The storage under the stairs...
August 18, 2018 7:40 AM   Subscribe

How can I maximize the functionality of storage space under stairs? All of the options I see online are to access from the side, but our under-stair storage is via a door that opens into the underbelly of the stairs, if that makes sense. So, you open the door (that's about five feet high) and see a downward-sloping ceiling. The walls and ceiling are finished, and we rent so can't build in any sort of drawers/shelves/etc. Thanks for any suggestions.
posted by stillmoving to Home & Garden (11 answers total) 3 users marked this as a favorite
Thank you! I should add we would like to use this for not long-term storage, but stuff we need more regularly, but not every day. So, kitchen-y things like food processor/waffle maker, extra soda cans, paper towels, etc. So large covered bins would not be as user-friendly.
posted by stillmoving at 7:53 AM on August 18, 2018

Make a list of what is in each bin and a map of how you’ve stacked them.

I have the same opening! Take a photo of the contents of each container and store them on/in an easily accessible drive/document. (I have long term at the back, regular usage at the front.)
posted by humph at 8:00 AM on August 18, 2018

We had a space like this at my old workplace. Being a library, we stored everything in there on old library carts. It was really helpful to be able to pull the cart out of the dark, low closet so that we could find what we needed. So if you need stuff out of there regularly, wheels will be your friend.
posted by Elly Vortex at 8:09 AM on August 18, 2018 [6 favorites]

What about getting a couple of RÅSKOG utility carts? You could make a "kitchen" cart with extra appliances and an "extras" cart for smaller, less bulky items.
posted by Mouse Army at 8:10 AM on August 18, 2018 [6 favorites]

And: put foam on low overhangs where you will hit your head. Cut apart some of those pool noodles and fit them to the underside of the stairs if you have to.
posted by Elly Vortex at 8:10 AM on August 18, 2018 [7 favorites]

You say you're renting and can't install shelves, but what about stacking a set of brick/cinderblock & board shelves? You could use boards of varying depths so that the bottom shelves are deeper and then use narrower shelves as the sloping ceiling encroaches.
posted by Secret Sparrow at 8:12 AM on August 18, 2018

My previous apartment had this situation, and I purchased several sets of modular cube wire storage (representative link), and assembled the cubes into stairstep shaped unit that ran along one wall, leaving the other side as an aisle. I purchased clear plastic bins that fit in the cubes, some full height, and some half-height, so that I could stack two in a section. Larger items just went in a cube directly. That allowed me to use the height, but not have to unstack much to get at a bin on the bottom. Since they were translucent, I could roughly identify the contents by eye, and so long as I was good about grouping the items into bins sensibly, I could lay hands on whatever I needed quite quickly. Towards the back was seasonal stuff, and I had some large tubs in the 'aisle', since I didn't mind dragging the tubs out of the way to get to the seasonal stuff.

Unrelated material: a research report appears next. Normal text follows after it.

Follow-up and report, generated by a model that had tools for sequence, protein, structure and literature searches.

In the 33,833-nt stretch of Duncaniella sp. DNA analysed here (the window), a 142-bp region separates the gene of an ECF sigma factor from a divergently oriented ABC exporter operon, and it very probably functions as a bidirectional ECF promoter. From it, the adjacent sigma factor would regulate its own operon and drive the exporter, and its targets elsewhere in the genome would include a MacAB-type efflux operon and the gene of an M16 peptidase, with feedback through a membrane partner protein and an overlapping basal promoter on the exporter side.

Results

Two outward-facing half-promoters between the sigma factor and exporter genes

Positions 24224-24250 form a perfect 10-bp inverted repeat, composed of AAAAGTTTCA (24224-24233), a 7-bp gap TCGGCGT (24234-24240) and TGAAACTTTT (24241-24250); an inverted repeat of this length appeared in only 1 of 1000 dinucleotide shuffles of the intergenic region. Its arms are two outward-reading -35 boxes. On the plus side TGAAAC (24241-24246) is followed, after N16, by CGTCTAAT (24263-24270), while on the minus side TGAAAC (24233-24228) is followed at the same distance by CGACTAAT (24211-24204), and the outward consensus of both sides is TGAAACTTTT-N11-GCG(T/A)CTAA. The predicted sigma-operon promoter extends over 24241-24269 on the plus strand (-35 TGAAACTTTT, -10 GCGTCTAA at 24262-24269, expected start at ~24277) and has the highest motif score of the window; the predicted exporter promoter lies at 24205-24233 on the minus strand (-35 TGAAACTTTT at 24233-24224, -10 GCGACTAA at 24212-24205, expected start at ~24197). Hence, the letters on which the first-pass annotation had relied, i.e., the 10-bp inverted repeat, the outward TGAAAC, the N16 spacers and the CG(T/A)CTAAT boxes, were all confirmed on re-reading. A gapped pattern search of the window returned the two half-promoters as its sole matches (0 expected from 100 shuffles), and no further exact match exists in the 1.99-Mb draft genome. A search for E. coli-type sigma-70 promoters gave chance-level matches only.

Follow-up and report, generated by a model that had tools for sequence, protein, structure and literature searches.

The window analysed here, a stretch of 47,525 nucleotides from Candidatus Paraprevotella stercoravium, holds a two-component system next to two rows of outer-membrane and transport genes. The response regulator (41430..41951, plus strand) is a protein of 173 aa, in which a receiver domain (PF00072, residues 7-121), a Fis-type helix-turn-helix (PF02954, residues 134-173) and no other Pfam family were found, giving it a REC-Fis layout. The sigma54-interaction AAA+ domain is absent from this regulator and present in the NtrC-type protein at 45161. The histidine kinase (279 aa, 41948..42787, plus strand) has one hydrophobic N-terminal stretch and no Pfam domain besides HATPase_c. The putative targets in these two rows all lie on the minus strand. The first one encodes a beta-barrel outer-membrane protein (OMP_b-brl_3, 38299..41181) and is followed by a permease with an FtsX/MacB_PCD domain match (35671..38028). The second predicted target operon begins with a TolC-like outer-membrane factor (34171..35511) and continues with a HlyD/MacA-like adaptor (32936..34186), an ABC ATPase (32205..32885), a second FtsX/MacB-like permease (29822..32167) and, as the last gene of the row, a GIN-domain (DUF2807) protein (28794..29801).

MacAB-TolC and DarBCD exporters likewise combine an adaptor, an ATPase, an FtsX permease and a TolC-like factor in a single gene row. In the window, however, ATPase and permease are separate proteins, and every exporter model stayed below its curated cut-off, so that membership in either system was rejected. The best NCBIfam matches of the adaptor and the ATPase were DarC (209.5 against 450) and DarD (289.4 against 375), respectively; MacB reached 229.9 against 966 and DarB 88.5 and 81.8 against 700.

posted by yuwtze at 8:14 AM on August 18, 2018 [5 favorites]

To really maximize the storage I'd build a custom triangular-shaped cabinet that fills the entire space, but is mounted on casters or wheels so you can pull the whole thing straight out and access whatever shelving or drawers you build into it.
posted by beagle at 12:39 PM on August 18, 2018 [1 favorite]

Check out Elfa's freestanding storage - here's a search that includes "kitchen." It might give you ideas about how to utilize that with other systems or approaches.
posted by amanda at 12:57 PM on August 18, 2018

Our house has one of these, which makes a U-turn under the lowest flight of stairs. That part of the space is very inconvenient to access, so it's strictly long-term storage. To save your head, consider hanging a bump cap inside the door. It's lightweight hardhat; you can buy one for a few bucks.
posted by Kirth Gerson at 2:53 AM on August 19, 2018

Thanks for all of the suggestions. Marked as best the one that may, well, work best for us.
posted by stillmoving at 12:55 PM on August 23, 2018

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